‘Ant Man and the Wasp’
In many ways, the new “Ant-Man and the Wasp” is everything you want from a summertime superhero action movie: playful and lighthearted, buoyant and inventive and just fun to be around. Paul Rudd again stars as the title character, but is this time part of a strong ensemble that includes Evangeline Lily, Michael Douglas, Michael Peña and Michelle Pfeiffer.
Reviewing the film for The Times, Justin Chang wrote, “The Disney-Marvel movie cycle and its various subfranchises have always been haunted by dreams of global domination — something craved by emotionally stunted supervillains and, not to be redundant, box-office-hungry studio executives. In this bigger-is-better context, a movie about a hero who finds his strength in tininess is, well, no small thing. Even multibillion-dollar enterprises need a bit of modulation every now and then. … And so ‘Ant-Man and the Wasp’ — nimbly directed, like its 2015 predecessor, by Peyton Reed — is being rolled out as a midsummer tonic, something bright and cheery to chase away the apocalyptic torpor of ‘Avengers: Infinity War.’ ”
Jen Yamato spoke to actress Hannah John-Kamen, who makes a big impression as the film’s conflicted villain known as Ghost. Except she didn’t entirely see it that way.
“I approached her as not being a villain,” said the actress. “In my mind, it’s everyone else’s fault; they’re the bad guys. I’m the good guy, and it’s every man and woman for herself. She’s a complex cookie. She’s got a lot of depth and she’s vulnerable. … I think the audiences are going to be very, very confused as to how they feel about her.”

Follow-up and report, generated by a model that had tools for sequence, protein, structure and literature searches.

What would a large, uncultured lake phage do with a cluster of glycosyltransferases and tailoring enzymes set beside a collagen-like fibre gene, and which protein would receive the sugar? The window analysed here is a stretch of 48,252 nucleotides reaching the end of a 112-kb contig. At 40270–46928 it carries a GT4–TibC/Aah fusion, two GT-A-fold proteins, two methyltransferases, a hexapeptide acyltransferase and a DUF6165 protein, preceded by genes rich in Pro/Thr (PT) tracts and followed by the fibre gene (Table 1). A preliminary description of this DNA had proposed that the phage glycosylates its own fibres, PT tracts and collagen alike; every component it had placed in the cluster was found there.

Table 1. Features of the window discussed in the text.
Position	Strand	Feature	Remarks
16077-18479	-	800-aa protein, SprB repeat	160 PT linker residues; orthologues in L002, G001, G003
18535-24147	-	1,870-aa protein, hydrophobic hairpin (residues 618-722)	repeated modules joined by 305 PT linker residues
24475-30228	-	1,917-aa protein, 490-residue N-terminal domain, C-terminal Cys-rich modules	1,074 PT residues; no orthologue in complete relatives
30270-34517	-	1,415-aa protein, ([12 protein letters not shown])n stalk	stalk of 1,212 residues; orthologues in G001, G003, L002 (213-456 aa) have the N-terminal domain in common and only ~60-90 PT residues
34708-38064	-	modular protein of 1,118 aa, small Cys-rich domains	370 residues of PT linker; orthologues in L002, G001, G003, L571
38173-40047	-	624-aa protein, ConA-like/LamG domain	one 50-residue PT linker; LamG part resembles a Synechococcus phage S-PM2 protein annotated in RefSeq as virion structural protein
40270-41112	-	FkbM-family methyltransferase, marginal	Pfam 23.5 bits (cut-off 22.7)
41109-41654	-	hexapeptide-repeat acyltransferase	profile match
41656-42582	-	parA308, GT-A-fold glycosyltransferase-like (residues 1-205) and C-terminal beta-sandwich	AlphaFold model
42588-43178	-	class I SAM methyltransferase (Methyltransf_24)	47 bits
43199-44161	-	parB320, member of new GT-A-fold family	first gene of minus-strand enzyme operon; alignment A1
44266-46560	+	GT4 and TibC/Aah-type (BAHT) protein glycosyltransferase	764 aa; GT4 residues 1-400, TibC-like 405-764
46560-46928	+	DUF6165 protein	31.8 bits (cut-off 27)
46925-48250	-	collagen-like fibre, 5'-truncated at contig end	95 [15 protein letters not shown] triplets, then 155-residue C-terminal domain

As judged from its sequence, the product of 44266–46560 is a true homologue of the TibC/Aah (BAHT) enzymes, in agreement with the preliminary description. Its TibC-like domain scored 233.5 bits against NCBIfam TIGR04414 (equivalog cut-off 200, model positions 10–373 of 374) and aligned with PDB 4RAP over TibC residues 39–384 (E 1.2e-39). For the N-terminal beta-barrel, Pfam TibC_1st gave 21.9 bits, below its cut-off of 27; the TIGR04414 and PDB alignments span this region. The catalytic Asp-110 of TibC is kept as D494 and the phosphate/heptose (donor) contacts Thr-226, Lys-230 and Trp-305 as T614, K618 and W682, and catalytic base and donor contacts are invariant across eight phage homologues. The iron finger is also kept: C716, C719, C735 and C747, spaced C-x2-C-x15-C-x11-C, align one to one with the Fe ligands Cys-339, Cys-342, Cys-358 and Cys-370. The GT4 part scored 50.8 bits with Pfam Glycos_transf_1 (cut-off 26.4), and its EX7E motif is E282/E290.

For the New York Times, Manohla Dargis called the film “an engaging goof that resists bludgeoning you with bigness and instead settles for good vibes and jokes,” while adding, “It’s funny how little things, like personality, can lift a movie. ‘Ant-Man and the Wasp’ features kinetic action sequences, but what makes it zing is that Mr. Reed has figured out how to sustain the movie’s intimacy and its playfulness, even when bodies and cars go flying.”
Directed by Oscar-winning filmmaker Kevin Macdonald and made with the participation of her estate, the documentary “Whitney” tells the sad saga of Whitney Houston, whose life and career saw incredible highs and unimaginable lows. The new film contains disturbing revelations about Houston’s family and personal life, include allegations of childhood sexual abuse and her struggles with substance abuse, but it also tries to capture what was unique about her talent.
Reviewing the film for The Times, Kenneth Turan wrote of Houston’s story, “No matter how many times it’s told … it cannot fail to move and disturb with a story so compelling you can’t turn away even if you know the outcome. Maybe especially if you know the outcome.”
Times music writer Gerrick D. Kennedy wrote about the film earlier this year, noting, “Ultimately, Macdonald has given audiences a potent assessment of one of the most tragic stories in pop history — one that, sadly, could have been different had Whitney had the room to be Whitney.”
Wesley Morris wrote about the film for the New York Times, adding, “ ‘Whitney’ is too funereal to be a party, too sad, strange and dismaying to cheer. Yet, in its grim, guilt-inducing way, the film works, even on the occasions when it’s working against itself. What Mr. Macdonald wants to do is a kind of cultural psychobiography.”